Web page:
Funny face of child sleeping on king bed

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AMHERST, Mass. — You might have noticed that some preschoolers are steadfast napping champions, while others have given up the midday snooze entirely. The reason behind this isn’t just about age; it’s more like a brain gym session for little ones.

A groundbreaking study from the University of Massachusetts Amherst reveals a fresh perspective when it comes to napping. Rebecca Spencer, a sleep scientist, and Tracy Riggins, a child psychologist from the University of Maryland, joined forces to unveil their conclusion about what’s actually happening in children’s brains as they transition out of daytime dozing.

“This overarching theory is based on data that we’ve published over the past couple of years; it’s about putting the pieces together,” Spencer says in a university release. “We provide support for a relation between nap transitions and underlying memory and brain development. This is a critical time of development in the brain and sleep has something to do with it.”

Essentially, when small kids nap, their brains are hard at work processing memories and learning. They focus on the hippocampus – the part of the brain that’s like a storage room for memories before they get moved to a more permanent place.

Young girl napping
Photo by Andrea Piacquadio from Pexels

Napping ties into brain development

You might wonder, if napping is so beneficial for learning, why do children stop doing it? As Spencer explains it, the hippocampus is like a “bucket” for storing memories.

“When the hippocampus is inefficient, it’s like having a small bucket,” Spencer says. “Your bucket is going to fill up faster and overflow, and some memories will spill out and be forgotten. That’s what we think happens with the kids that are still napping. Their hippocampus is less mature, and they need to empty that bucket more frequently.”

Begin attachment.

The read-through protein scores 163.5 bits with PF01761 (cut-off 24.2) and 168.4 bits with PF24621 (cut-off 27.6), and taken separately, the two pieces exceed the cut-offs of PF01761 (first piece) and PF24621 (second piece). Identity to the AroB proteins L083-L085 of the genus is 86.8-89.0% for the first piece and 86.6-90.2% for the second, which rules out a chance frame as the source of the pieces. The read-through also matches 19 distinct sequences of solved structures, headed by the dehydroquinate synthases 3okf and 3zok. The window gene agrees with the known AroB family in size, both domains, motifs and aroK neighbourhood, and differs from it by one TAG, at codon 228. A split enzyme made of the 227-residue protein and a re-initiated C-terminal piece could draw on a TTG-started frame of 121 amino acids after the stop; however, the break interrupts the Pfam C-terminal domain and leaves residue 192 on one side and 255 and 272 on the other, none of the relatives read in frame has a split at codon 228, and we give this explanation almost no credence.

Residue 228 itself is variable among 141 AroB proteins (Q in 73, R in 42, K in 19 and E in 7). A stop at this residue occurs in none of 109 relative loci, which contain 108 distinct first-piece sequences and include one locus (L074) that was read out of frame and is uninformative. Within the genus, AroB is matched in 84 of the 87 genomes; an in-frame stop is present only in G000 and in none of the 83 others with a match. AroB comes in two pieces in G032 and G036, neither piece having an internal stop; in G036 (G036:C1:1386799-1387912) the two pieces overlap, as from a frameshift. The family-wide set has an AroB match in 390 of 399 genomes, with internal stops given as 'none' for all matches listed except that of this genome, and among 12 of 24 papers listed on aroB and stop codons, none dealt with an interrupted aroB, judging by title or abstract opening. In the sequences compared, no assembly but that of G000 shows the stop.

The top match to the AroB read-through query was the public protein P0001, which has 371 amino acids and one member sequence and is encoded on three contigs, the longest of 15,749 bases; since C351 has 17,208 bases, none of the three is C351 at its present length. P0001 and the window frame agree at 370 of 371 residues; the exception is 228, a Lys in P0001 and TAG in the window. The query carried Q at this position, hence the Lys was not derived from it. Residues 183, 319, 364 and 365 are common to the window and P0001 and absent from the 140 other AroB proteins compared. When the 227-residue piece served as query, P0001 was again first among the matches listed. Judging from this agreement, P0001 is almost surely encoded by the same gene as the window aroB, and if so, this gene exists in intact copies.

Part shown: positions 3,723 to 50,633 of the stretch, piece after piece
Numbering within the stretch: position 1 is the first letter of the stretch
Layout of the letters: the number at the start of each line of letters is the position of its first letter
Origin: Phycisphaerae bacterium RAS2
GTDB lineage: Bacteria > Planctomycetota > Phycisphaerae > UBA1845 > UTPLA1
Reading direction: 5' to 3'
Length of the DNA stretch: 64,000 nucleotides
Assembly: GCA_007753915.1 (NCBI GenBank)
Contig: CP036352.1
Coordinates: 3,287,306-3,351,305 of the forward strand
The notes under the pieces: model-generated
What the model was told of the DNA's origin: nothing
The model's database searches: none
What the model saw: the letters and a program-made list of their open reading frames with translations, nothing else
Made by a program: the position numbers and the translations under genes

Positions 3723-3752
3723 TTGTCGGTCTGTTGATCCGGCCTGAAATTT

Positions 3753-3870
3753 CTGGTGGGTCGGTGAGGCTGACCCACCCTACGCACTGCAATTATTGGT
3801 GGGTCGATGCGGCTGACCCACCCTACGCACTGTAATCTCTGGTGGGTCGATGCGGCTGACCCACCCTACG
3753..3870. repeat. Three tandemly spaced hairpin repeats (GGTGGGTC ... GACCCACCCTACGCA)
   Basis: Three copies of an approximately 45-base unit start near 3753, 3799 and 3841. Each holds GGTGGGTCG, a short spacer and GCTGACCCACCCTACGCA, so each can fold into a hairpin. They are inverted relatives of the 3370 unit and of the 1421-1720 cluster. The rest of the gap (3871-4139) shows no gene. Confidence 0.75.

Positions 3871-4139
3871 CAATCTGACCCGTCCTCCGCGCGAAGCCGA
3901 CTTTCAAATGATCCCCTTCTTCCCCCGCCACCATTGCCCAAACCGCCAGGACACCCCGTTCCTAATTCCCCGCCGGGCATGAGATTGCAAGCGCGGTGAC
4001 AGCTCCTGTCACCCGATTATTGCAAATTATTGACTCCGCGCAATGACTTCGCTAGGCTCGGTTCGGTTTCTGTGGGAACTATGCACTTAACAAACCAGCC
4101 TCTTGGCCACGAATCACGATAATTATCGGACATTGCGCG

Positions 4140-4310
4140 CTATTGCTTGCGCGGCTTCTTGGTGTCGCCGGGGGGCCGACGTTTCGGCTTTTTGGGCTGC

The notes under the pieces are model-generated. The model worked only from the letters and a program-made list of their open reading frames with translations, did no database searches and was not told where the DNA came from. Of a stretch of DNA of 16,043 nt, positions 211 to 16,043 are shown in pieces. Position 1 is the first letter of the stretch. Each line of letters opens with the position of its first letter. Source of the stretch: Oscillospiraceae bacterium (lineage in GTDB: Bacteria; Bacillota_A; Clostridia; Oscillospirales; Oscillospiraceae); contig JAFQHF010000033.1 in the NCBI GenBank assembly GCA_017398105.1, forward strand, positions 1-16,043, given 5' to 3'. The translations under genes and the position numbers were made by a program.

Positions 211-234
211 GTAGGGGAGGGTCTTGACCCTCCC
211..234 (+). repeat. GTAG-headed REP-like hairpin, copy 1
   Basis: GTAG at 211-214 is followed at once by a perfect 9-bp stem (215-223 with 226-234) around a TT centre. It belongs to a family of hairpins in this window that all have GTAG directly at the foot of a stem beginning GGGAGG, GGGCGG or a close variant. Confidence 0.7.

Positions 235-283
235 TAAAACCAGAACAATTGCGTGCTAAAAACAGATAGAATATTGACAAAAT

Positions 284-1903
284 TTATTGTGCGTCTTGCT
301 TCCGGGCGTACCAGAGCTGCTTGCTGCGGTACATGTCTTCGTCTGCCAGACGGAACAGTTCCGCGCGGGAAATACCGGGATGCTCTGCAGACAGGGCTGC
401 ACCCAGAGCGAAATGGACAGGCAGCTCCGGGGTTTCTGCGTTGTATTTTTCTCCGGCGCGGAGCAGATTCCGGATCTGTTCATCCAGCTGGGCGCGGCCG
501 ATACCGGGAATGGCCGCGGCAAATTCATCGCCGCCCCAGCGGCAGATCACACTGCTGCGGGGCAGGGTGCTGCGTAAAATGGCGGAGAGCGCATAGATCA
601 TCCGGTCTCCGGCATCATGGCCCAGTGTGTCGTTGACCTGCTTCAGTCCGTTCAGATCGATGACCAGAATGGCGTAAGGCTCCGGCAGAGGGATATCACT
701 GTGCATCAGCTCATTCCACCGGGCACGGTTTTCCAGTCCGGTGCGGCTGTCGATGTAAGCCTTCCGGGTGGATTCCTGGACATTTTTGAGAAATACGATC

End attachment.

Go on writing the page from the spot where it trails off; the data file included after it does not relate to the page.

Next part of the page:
As children grow and their brains develop, their hippocampus becomes more efficient, meaning their “bucket” gets bigger. This allows them to store more memories throughout the day, and they no longer need that nap to make room for new information.

What’s important to note here is that children shouldn’t be rushed out of their napping phase. Spencer emphasizes the importance of letting children nap if they need to.

“Some of them still need it; others may not need it but if they take it, we know that it’s going to benefit their learning,” she says.

So, in a nutshell, napping for little ones is like hitting the gym, but for their brains. It helps in consolidating memories and learning, and not every child is ready to give it up at the same age. This revelation can have significant implications on how we approach napping in early education and child care settings.

In the future, we can look forward to further research that could even lead to methods of assessing if a child needs those precious naps. But for now, letting little ones get their zzz’s could be essential to supercharging their brain development.

The study is published in the Proceedings of the National Academy of Sciences.

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  1. Colleen says:

    Interesting article. I always wondered why my kids gave up naps so early, which was tough on me. I depended on nap time to get a break or to do work I couldn’t get done when they were up, as they were very active inquisitive toddlers.
    All three of mine gave up the morning nap around 9 months and started refusing the afternoon nap by the time they turned 2. I think I was the same way when I was little, so we must be a large hippocampus family – lol!

  2. KATHY DOBBS says:

    I wonder if these studies take into consideration children that are neurodivergent.